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Can You Spay a Pregnant Cat? Vet-Reviewed Potential Risks

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By Nicole Cosgrove

a pregnant tabby cat lying on the stair

Vet approved

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Reviewed & Fact-Checked By

Dr. Paola Cuevas

MVZ (Veterinarian)

The information is current and up-to-date in accordance with the latest veterinarian research.

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Spaying and neutering are two common surgeries performed on domesticated pets. They reduce hormone-driven behaviors and prevent unwanted pregnancies, but the decision isn’t always as simple as you might think.

If they’re not spayed, female cats go into their first heat between 4 and 6 months of age. While this doesn’t matter that much for single-cat households that keep their female cat indoors, outdoor cats or households with intact males can be taken by surprise by a sudden pregnancy. It’s these unexpected and unwanted pregnancies that lead to many young cats being deserted at shelters as strays or otherwise left to fend for themselves.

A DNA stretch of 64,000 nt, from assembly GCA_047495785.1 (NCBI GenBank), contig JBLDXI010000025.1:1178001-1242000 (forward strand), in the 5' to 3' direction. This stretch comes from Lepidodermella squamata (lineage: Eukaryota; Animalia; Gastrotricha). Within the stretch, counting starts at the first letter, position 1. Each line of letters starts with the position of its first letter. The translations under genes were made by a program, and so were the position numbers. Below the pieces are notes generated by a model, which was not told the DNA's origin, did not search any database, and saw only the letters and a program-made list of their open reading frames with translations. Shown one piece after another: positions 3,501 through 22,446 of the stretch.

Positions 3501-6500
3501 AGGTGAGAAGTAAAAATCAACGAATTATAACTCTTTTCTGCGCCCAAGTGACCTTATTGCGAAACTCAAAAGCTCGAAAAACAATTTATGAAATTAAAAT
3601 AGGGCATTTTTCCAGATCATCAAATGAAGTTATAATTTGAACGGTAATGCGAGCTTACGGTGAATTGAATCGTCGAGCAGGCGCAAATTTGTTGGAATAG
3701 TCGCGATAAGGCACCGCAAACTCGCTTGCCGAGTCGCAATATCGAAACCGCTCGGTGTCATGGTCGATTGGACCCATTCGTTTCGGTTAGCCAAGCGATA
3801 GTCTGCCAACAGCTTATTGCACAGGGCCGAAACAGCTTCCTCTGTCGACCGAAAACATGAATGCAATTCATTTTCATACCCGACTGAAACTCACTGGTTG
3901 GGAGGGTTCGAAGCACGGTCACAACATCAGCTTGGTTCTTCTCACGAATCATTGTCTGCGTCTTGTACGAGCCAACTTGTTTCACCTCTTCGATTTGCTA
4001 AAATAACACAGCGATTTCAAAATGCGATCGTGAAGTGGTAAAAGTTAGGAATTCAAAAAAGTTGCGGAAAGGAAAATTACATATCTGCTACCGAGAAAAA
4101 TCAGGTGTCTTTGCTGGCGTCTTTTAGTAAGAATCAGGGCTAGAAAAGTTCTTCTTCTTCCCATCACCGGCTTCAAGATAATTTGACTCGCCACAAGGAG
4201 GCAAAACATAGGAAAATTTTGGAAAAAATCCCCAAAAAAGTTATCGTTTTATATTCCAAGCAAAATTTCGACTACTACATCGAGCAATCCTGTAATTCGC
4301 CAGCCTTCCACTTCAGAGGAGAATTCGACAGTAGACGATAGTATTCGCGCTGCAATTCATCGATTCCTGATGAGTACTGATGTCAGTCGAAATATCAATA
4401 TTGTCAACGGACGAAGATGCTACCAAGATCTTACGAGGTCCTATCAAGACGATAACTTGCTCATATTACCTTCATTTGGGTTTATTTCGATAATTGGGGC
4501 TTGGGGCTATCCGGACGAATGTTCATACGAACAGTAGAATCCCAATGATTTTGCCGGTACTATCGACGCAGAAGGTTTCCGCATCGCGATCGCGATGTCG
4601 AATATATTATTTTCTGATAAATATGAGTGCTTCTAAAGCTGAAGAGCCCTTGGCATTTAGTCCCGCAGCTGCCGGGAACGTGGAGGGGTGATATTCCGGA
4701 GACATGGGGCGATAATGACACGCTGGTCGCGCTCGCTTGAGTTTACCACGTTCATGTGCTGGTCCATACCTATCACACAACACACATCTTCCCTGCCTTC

There’s an ongoing debate about whether you should spay pregnant cats. While spaying a pregnant cat is technically possible, it also means abortion of the unborn kittens. This guide will tell you everything that you need to consider before choosing this option for your cat.


Can You Spay a Pregnant Cat?

Spaying a pregnant cat works the same way that it would with non-pregnant animals, with a slight difference. It also involves aborting the developing kittens. Abortion is a highly controversial topic, and it’s the biggest reason that there’s so much uncertainty surrounding spaying pregnant cats.

There are two sides to this argument, but it’s still a gray area to delve into.